sep 18 2020 | ⏳: 4 mins
Note: this entry was written regarding the earlier version of this blog
The idea of things being abstracted away is at the core of how we make sense and interact with the world around us.
For example, if I were to turn on the TV in my parent's livingroom (which I certainly find myself doing a lot during this indefinite quarantine), I wouldn't exactly 'hack' into the hardware of the television just to manipulate it to flip on the channel I want to view; that would be rather inefficient and would instead push me towards a less cognitively-demanding pastime.
Alas, a remote controller exists to free me from such nuisance and this device has certain all-too-familiar features: the big red circular button occupying the top-left corner with the imprint of the on/off symbol, and the bidirectional arrows that manipulate the output volume, for example.
What this means is that, wherever I am in the world (outside of my parent's livingroom), I can trust that I wouldn't be totally lost browsing the local channel network through intuition.
Now, behind the creation of a remote is a team of engineers who essentially 'make the magic happen', outside of our plain sight, so that we, the average-joe users, can trust that we have full control of the TV without being experts in electrical engineering ourselves.
And, within this team, there would very likely be a division of engineers working on the visual and tactile layout (also known as UI/UX, or the 'front-end'), and a separate one working on the wirings and machinery (or the 'back-end') enclosed within the plastic container.
Unbeknownst to our plain reality, the front-end and the back-end are integrated like two peas in a pod, resulting in the remote ultimately communicating with the TV itself in order to provide that bridge between our physical input and graphical output on display. I'll talk about front-end/back-end, and full-stack development in another entry.
The reason I bring up this analogy is because I'm being reminded once again that layers of built-in abstractions, such as this remote, exist because it's simply not intuitive for the average person to try to confront abstractions by delving into the core of things.
After all, every piece of advanced technology is engineered with the average-joe in mind, so that there would be the proverbial remote for every gadget or device that is introduced to us, the end-users.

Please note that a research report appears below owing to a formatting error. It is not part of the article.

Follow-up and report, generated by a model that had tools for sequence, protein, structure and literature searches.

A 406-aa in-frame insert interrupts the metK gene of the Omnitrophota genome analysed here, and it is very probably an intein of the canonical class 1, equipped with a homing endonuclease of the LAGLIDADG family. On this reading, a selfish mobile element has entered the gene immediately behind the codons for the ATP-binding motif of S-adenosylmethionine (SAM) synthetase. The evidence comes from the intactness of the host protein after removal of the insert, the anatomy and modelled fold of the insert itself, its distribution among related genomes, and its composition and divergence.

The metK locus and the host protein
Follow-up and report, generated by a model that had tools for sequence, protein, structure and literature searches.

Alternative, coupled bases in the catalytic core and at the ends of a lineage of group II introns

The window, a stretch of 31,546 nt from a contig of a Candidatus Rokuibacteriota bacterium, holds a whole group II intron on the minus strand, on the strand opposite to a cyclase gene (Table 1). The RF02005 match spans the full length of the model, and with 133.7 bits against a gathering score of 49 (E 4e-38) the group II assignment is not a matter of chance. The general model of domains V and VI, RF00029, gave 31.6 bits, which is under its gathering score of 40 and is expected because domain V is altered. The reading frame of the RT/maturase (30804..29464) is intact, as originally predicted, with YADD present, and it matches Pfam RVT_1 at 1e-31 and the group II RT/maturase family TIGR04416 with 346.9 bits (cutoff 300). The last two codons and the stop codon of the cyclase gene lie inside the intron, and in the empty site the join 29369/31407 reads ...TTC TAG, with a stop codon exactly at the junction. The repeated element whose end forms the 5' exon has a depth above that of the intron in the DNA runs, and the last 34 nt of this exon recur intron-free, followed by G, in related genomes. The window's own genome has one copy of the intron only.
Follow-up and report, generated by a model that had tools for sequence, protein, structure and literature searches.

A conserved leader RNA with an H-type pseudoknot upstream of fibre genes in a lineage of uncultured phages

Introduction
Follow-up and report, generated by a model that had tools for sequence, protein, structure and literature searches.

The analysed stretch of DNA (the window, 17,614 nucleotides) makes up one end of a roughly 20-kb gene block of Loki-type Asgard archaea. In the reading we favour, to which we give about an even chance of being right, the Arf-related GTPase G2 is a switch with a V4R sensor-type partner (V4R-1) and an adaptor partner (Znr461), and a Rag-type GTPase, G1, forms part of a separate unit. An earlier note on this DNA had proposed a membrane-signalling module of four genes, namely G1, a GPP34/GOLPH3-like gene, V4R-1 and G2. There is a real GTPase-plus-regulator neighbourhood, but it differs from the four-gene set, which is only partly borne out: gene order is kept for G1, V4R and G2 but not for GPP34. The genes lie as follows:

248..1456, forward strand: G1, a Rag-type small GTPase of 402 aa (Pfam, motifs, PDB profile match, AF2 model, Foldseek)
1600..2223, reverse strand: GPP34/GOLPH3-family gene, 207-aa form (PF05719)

Even for computer programmers (who are often the ones building these abstraction tools in this digital era), abstractions such as SDKs and APIs make life easier in very tangible ways.
I'm writing about abstractions because I find myself thinking about this concept a lot, as I am trying to get a better sense of how software development works at its core.
I know that programming, or writing code for that matter, is just a another layer of abstraction that, depending on the language at use (compiled/assembly, etc), you're still pardoned from writing, say, machine code since computer scientists have built an additional layer so that we don't have to express ourselves in binary (0s and 1s) to interact with our local machines.
Now, having to spend an awful lot of time on web development since taking on the development of this platform jinyoung.xyz, I have been tempted to use popular frameworks and templates that would make my life easier and 'get the job done' quicker (or nicer, even) than I would by building a website from scratch.
The popular frameworks and would miraculously make the HTML elements style responsively on multiple device dimensions, and savvy developers know that the offerings of these shiny web technologies go beyond just that.
I'm writing to remind myself that the decision to forgo these frameworks has been a fairly deliberate and philosophical one.
I'm building jinyoung.xyz my way, with my very limited (yet expanding) knowledge because I know that these abstractions, in my humble opinion, would do more to stymie my growing domain knowledge than to support my long-term goal:
which is to see myself become that expert.
Until then, I will continue to put in the ridonculous number of commits to confront and poke holes in my front-end knowledge.
And hopefully things will start to make a lot more sense soon. :)